As of Tuesday, May 6, 2014
DEAR DOCTOR K: I have a very painful ingrown toenail. What can I do?
DEAR READER: It’s been my experience that toenails get a little unruly as we get older. They seem to fit the toes perfectly well for decades, and then they start doing funny things — the sides start to curl, for instance, and suddenly the nail is pressing against the skin of the toe.
An ingrown toenail is a common source of foot pain. When the side of the nail digs into the skin, the result is pain, irritation, swelling and redness. Swelling and redness, in turn, can be signs of infection. Your toe may also hurt more when pressed and be warm to the touch.
The big toe is most often affected, but no toe is immune. The problem usually develops because the nails have not been trimmed properly. I wasn’t very good about keeping my toenails trimmed when I was younger, but it didn’t seem to matter: The nails didn’t start attacking the skin. However, once I got to age 40, I noticed that I had to be careful about trimming the nails regularly.
Overly tight shoes are also a factor in producing ingrown toenails. This is more of an issue for women who wear shoes that are very narrow in front. Shoe leather constantly pressing against a nail can change its shape as it grows.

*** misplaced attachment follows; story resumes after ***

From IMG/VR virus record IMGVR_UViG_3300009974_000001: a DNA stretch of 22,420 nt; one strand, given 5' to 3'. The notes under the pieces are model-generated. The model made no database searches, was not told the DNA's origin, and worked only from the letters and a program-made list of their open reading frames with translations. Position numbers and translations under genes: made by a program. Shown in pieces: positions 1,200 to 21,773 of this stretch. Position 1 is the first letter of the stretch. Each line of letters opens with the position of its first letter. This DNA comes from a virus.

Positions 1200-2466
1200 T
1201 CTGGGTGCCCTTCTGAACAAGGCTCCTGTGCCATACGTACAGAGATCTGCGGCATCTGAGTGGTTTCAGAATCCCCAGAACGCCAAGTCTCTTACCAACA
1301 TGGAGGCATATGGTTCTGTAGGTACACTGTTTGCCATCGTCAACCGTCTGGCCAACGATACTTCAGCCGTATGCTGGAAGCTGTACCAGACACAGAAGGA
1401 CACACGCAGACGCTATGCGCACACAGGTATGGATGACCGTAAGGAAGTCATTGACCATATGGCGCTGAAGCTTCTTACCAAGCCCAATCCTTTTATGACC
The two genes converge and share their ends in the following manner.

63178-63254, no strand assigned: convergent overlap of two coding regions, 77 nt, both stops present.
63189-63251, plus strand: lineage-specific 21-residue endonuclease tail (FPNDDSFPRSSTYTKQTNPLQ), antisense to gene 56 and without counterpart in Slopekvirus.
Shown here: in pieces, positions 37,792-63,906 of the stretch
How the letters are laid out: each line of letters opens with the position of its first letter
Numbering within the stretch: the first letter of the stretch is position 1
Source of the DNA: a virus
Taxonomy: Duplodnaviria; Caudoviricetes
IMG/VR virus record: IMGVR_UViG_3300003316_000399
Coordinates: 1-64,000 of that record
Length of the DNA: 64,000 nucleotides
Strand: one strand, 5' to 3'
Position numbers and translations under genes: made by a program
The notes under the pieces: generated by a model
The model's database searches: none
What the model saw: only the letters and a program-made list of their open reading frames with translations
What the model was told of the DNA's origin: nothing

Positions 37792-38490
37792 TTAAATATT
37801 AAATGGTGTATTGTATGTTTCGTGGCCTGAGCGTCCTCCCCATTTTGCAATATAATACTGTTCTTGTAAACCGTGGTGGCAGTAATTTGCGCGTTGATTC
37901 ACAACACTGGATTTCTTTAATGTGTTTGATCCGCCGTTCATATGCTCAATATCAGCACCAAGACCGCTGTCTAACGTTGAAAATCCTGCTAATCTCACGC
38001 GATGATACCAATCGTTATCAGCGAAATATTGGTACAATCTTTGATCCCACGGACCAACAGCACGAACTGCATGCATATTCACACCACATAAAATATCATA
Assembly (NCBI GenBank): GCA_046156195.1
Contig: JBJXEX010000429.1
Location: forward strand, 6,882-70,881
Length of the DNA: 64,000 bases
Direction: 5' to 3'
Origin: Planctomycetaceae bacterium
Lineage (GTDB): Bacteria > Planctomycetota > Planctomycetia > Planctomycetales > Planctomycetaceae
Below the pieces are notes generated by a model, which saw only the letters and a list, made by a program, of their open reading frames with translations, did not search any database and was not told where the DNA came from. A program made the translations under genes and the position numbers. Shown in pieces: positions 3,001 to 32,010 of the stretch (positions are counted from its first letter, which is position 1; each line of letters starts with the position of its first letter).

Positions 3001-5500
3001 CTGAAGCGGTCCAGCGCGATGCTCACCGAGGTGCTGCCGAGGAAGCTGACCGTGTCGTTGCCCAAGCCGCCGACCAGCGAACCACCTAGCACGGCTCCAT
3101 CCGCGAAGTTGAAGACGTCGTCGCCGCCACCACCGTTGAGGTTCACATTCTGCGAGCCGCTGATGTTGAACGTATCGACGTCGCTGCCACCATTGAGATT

Usually you can treat an ingrown toenail at home. First, soak your feet in warm water to soften the nail. Then cut the part of the nail that is pressing against the skin. Trim gently, not aggressively, or you may hurt yourself.
Once that part of the nail is removed, apply an over-the-counter topical antibiotic. If there is an infection, it may respond to the topical treatment. Wear open-toed sandals or roomy shoes to reduce pressure on the toe.
If your toe isn’t better in three to five days, see a foot-care specialist. Your toe may be infected, and you may need to start antibiotic pills (which treat deeper infections in the toe) and have the ingrown portion of the nail removed.
If you have a recurrent ingrown toenail, your doctor can remove the part of the nail that causes the problem. This procedure can be done in the office, using chemicals.
Do not treat an ingrown toenail at home if you have diabetes. Diabetes can impair your circulation, interfering with your body’s natural ability to heal and fight infection. If you have diabetes and an ingrown toenail, see your doctor or foot-care specialist immediately.
You can prevent ingrown toenails with a few simple measures. Cut your toenails straight across, rather than rounding off the corners. Use a toenail clipper (which is wider and larger than a fingernail clipper). Also, clean under your toenails regularly.
Dr. Komaroff is a physician and professor at Harvard Medical School. To send questions, go to AskDoctorK.com, or write: Ask Doctor K, 10 Shattuck St., Second Floor, Boston, MA 02115.